When I started calorie counting, I first spent two weeks not trying to restrict, just carefully noting down what I normally ate. (With a scale and a measuring cup, which was a real eye opener about what kind of portion sizes I was consuming.) Then I set my LoseIt app to lose "one pound per week", which worked out to about a 3500 calorie deficit over the week, or 500 calories less a day -- for me about 1600 a day total. That turned out to be pretty accurate for losing one pound a week in the long term, although not consistently every week by any means. I also looked at the dietary guidelines on the Mayo Clinic web site which advised I try to eat at least 70 grams of protein a day, and between 25-30% fat, minimize saturated fat etc. As I planned out how to hit those goals it turned out I had to build more protein into my diet, and make the deficit by eating lower calories in carbohydrates and fat -- LoseIt and many other apps allow you to quickly check a running total of calories and nutrients like protein, fat, fiber etc. so it was very handy for that. So I ended up eating lots more vegetables and fruits than before (fewer calories but more filling) and slightly less bread, pasta, cheese, having dinner with no starch side dish but 2-3 different green-red vegetables, etc., though I still eat about half my calories in carbs. For about two-three weeks I was really pretty cranky; but at the end of three weeks I was also three pounds down. So that motivated me to keep on, and to channel my energies into finding great new ways to cook, explore some creative packed lunches, and try new vegetable and lean protein dishes. Especially ones that I can grab when I come home tired from work, which is dietarily a vulnerable time for me: 3FC was very helpful there! Somewhere in there I started losing cravings for sugar and fat too, although I am careful not to keep my danger foods lying around the house. And I have a freezer and fridge full of some great home made entrees, colorful vegetables, and a repertoire of lunch dishes to grab and go.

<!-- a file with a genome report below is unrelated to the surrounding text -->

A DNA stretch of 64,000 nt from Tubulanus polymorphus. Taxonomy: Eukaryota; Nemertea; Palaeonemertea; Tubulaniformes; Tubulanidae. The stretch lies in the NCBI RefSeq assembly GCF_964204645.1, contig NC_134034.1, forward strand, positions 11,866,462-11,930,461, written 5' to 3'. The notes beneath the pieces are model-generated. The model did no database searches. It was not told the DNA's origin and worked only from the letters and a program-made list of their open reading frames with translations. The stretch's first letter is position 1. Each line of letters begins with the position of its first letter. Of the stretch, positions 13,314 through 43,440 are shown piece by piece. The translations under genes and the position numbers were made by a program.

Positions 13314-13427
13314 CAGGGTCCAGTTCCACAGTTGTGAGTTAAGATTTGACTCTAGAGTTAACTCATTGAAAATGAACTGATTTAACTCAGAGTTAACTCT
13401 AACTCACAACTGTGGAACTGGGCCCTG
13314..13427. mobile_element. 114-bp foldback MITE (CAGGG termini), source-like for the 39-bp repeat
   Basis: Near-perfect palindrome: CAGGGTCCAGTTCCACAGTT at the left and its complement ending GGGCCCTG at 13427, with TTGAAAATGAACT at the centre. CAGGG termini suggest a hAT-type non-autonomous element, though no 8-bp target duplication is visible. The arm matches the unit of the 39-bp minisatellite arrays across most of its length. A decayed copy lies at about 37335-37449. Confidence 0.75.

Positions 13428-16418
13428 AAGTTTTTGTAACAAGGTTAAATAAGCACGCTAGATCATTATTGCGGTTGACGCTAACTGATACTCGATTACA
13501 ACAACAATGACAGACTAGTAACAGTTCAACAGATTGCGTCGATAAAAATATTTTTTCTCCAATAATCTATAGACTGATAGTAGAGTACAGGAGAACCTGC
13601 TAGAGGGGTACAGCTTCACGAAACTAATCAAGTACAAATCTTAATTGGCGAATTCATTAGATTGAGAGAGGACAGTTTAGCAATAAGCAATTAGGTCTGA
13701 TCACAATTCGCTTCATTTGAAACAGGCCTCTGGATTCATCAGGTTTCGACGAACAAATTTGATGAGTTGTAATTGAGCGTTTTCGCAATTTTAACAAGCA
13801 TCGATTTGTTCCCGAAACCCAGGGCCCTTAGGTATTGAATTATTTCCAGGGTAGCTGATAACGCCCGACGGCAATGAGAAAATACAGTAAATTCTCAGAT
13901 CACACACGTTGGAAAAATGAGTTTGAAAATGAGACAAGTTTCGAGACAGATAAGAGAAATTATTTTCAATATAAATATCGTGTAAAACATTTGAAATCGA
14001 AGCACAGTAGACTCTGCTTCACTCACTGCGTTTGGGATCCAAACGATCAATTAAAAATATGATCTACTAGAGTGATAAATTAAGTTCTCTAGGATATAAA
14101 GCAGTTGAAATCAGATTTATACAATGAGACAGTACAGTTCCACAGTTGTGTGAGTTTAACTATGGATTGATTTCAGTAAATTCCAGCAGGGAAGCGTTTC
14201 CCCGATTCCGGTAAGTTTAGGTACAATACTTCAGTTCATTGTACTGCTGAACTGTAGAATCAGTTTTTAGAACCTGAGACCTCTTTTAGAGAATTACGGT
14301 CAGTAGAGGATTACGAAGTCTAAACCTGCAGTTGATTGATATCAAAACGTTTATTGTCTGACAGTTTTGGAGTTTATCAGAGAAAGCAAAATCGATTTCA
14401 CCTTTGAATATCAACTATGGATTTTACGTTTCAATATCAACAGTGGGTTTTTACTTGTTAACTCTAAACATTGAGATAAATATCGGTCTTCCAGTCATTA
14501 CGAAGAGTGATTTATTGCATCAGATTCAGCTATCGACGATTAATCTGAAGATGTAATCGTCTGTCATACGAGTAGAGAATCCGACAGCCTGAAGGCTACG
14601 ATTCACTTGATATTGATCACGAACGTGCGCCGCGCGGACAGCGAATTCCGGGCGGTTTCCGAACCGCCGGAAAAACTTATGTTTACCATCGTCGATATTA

You could start by looking at what kind of record keeper would fit well into your life, and tracking what calories you are eating right now, and what kind of nutrition-- try searching the old threads for "calorie counting apps" or "record keeping". That could help you develop the habit without having to worry about restriction yet. Then you could try either for a deficit of a certain number of calories, or a percentage, like 20% less than you are eating now. 20% or 500 calories is an amount which is manageable for a lot of people (not too drastic) but does get you started examining your food habits, and get you to think about what are your vulnerable moments, when you are reaching for foods you might not need nutritionally -- that deadly 2-3 pm lull at work? After the stressful class when you want something to comfort you? Coming home from picking up the kids at school when the fast food sign beckons? Sitting in front of the TV after dinner?
Last edited by bronzeager : 01-22-2012 at 03:54 AM.
I disagree with the counselor you spoke to. I have found calorie counting the most reliable way for weight loss for me. Some of the previous posters have pointed out some good facts about calorie counting.
If you're like me, you got fat by eating mindlessly whatever looks and feels good at any old time. And the only way to lose that weight is to become completely mindful of what you are eating. Complete mindfulness, coming after years and years of complete mindlessness, is going to feel a little like obsessing over every bite. That's true no matter what method you use to achieve mindfulness - calorie counting, carb counting, South Beach (which still requires measuring and portion control and journaling), whatever method you choose.